The Conspiracy Behind Type 2 Diabetes
No, I’ve not gone off the deep end. Read the whole article, then decide for yourself. You’ve all been conditioned to follow basic nutrition. Eat so much from each type of food each day, and you will be healthy. Raised on “The National Guidelines”.
Whoops! Then comes fast food, TV dinners, preprocessed foods. All with the illusion of making your life easier. Who wouldn’t be for “grab and growl” or “throw it in the mic, it will be done in a minute”? Especially if you have kids. What’s worse, the “western diet” has spread all over the world.
Now they have you. You are like a hamster on a wheel. Finish all your food. You’ve lived this way so long, it’s natural. Like brushing your teeth, you do it without thinking. It becomes your fallback attitude.
Now you’re starting to think… ”Whats this got to do with diabetes”?
Let me introduce you to “SAD”. I don’t know if you know what it is or not. But, for those who don’t, it may be an eye-opener.
It is also known as the “Western Diet”. According to an article By Annelena Lobb The Wall Street Journal Online Sept. 17, 2005 12:01 am ET
“A review of eating habits in the United States in 2004 found that about 75% of restaurant meals were from fast-food restaurants. Nearly half of the meals ordered from a menu were hamburger, French fries, or poultry — and about one third of orders included a carbonated beverage drink.”
No matter how much they refine the guidelines, most people still eat too many processed foods. This is because of 2 reasons…
- Cheaper than fresh
- Easier for busy life
A Brief History
The first appearance was in 1894, a first dietary guidance published by the USDA was a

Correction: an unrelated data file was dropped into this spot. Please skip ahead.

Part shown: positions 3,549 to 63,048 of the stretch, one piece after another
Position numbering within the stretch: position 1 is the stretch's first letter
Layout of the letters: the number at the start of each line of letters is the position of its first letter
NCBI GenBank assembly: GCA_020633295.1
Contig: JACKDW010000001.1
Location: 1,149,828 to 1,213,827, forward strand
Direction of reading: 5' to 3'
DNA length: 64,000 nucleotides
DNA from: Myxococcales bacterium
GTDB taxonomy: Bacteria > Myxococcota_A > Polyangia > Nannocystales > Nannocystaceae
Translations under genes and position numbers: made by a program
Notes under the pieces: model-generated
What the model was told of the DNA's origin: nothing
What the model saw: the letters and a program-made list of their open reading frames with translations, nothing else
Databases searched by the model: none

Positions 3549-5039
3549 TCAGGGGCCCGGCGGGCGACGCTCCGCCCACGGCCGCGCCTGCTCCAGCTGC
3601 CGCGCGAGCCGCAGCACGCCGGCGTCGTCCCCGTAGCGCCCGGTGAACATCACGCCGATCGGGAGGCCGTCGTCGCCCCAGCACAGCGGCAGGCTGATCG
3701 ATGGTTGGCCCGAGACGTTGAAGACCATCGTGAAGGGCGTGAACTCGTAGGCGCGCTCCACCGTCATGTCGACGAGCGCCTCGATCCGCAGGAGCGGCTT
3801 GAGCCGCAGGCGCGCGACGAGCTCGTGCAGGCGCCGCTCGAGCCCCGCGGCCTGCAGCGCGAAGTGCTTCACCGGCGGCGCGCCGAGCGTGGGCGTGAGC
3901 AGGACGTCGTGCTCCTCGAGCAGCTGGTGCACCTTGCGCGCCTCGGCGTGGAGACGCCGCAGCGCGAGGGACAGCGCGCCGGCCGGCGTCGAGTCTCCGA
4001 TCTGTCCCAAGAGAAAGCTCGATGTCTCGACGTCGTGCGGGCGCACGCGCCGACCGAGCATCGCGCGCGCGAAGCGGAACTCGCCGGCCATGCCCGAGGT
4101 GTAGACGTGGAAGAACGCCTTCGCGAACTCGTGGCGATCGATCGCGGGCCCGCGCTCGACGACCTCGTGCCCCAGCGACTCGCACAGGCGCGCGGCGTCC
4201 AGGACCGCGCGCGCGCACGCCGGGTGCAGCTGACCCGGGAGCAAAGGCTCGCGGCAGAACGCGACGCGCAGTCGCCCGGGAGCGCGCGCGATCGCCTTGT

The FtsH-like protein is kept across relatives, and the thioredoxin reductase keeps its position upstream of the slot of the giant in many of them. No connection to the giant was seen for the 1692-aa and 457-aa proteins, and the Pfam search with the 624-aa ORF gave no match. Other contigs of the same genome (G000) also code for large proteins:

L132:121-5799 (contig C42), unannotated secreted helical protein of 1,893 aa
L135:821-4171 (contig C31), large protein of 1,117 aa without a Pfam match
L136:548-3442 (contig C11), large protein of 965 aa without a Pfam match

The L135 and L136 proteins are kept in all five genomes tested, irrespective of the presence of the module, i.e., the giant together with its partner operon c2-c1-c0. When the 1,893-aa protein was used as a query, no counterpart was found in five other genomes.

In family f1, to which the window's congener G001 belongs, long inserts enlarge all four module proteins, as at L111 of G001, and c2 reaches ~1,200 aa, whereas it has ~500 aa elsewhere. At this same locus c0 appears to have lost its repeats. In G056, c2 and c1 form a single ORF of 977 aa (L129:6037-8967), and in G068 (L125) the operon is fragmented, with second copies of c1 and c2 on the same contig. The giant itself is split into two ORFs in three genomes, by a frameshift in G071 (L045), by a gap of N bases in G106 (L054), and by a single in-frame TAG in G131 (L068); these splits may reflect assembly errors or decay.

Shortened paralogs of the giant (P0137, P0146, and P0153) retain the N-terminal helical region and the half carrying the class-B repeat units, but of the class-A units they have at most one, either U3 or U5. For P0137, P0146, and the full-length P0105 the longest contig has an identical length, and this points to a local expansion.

farmers’ bulletin, written by Wilbur Olin Atwater. Then in 1916 the “Food for Young Children,” was released by nutritionist Caroline Hunt. In 1921, they told you the amounts you should eat.
This is the USDA’s way of setting nutritional standards. The “Basic Seven” was developed in 1943 through USDA initiatives to promote nutrition education, as well as to help people cope with food shortages during World War II. Which was revamped in 1946 to “National Food Guide.” In 1956 became “The Basic Four.”
In the 1970s, they realized the nutrition guides were based more on avoiding starvation and less on nutrition. When chronic diseases like: cardiovascular disease, high blood pressure, high cholesterol, and type 2 diabetes were replacing infectious diseases in doctor’s offices and hospitals, the need for variety in diet became obvious.
In the 1980s, it was the food wheel. Then in 1992 the food pyramid was pushed. In 2005 the pyramid was revised.
In 2011, they finally landed on the plate method. Where they focused more on food groups instead of specific foods.
According to the National Center for Health Statistics, about two-thirds of U.S. adults and about one-third of children aged 2 through 19 years are overweight or obese (Ogden et al., 2010). Obvious correlation between The origins of the natural human diet were fundamentally altered by various foods and food processing procedures, as defined below:
- glycemic load
- fatty acid composition
- macronutrient composition
- micronutrient density
- acid-base balance
- sodium-potassium ratio
- fiber content.
Guidelines have changed too quickly for our genes to keep up, resulting in chronic diseases like “metabolic syndrome,” an accumulation of conditions like elevated blood pressure, high blood sugar levels, obesity, and abnormal cholesterol levels.
Metabolic Syndrome might lead to diabetes. Obesity is the main indicator for metabolic syndrome and also a risk factor for type 2 diabetes. Three or more of these risk factors are associated with metabolic syndrome:
- High blood glucose (sugar)
- Low levels of HDL (“good”) cholesterol in the blood
- High levels of triglycerides in the blood
- Large waist circumference or “apple-shaped” body
- High blood pressure
Limit processed foods
Don’t feel you have to clean your plate
Cook at home more
- U.S. Department of Agriculture (USDA)
- Economic Research Service, USDA
- Dr. Whitney Linsenmeyer, Registered dietitian, assistant professor of nutrition at St. Louis University and spokesperson for the Academy of Nutrition and Dietetics
- Dr. Marion Nestle, Retired professor of nutrition, food studies and public health at New York University